20 salmonella cases linked to Kinder Surprise eggs in Belgium

20 salmonella cases linked to Kinder Surprise eggs in Belgium
Credit: Ferrero

The popular Kinder Surprise chocolate eggs might cause salmonella, as over a hundred outbreaks in Belgium and Europe were linked to the Ferrero brand chocolates. Belgian food agency FASFC strongly urges people not to consume five chocolate products from the brand.

It concerns the following products, produced in the Ferrero factory in Aarlen, Belgium:

  • Kinder Surprise 20g and 3x20g with an expiry date between 11/07/22 and 7/10/22
  • Kinder Surprise Maxi with an expiry date between 10/08/22 and 10/09/22
  • Schoko Vouchers with an expiry date between 10/08/22 and 10/09/22
  • Kinder Mini Eggs with an expiry date between 10/08/22 and 10/09/22

The federal food agency reported about 20 cases of salmonella in Belgium due to contaminated Kinder Surprise eggs on Wednesday, spokesperson Jean-Sébastien Walhin said. The FASFC is further investigating the cause of the problem and is also carrying out checks in the shops.

According to the Swedish food agency Livsmedelsverket, a total of 125 salmonella infections have been identified in European countries so far. In Sweden itself, there are currently four cases. In France, 21 children have been reported sick with salmonella.

In the UK, more than 60 people have been infected after eating Kinder Surprise eggs produced in Arlon. The majority of cases concern children under the age of five, the British National Health Service reported. The Irish food agency reported 10 cases in Ireland.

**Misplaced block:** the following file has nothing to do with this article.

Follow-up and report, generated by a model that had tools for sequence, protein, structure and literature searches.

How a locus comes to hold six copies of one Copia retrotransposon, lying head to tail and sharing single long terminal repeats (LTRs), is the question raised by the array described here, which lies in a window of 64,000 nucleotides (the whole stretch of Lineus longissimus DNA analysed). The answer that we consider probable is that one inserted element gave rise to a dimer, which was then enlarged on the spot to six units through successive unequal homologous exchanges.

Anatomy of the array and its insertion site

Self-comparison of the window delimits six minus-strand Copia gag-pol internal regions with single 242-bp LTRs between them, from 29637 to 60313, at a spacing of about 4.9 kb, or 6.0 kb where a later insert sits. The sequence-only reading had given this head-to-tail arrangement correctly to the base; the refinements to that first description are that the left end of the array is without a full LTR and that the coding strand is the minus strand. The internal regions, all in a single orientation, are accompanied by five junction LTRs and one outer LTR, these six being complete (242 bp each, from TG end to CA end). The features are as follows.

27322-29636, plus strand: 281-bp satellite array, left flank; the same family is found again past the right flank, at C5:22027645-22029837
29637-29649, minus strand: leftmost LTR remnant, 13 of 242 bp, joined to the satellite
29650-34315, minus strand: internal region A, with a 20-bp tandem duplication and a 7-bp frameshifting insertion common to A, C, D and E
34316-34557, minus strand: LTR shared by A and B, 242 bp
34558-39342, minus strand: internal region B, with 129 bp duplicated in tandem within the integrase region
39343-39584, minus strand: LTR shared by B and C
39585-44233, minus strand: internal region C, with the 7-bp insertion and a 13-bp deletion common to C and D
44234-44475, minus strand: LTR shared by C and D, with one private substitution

As the products are popular with young children and Easter is approaching, the FASFC requests that parents and teachers check whether they have these products in their possession and to ensure that they are not consumed.

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Since the first cases were reported, the FASFC has been carrying out “additional and targeted checks” at Ferrero in Arlon. “An investigation is underway into a number of suspected cases,” the agency said in a press release.

Salmonella is a bacteria that can cause a salmonellosis infection. Though there are different types of salmonella, it usually results in a common infection that heals without treatment. If symptoms are severe, a doctor should be consulted to initiate treatment.

Possible symptoms of salmonellosis include fever, abdominal cramps and diarrhoea within 6 to 72 hours after consumption of the contaminated food. Young children, pregnant women, people with reduced resistance and the elderly are at greater risk of developing symptoms.


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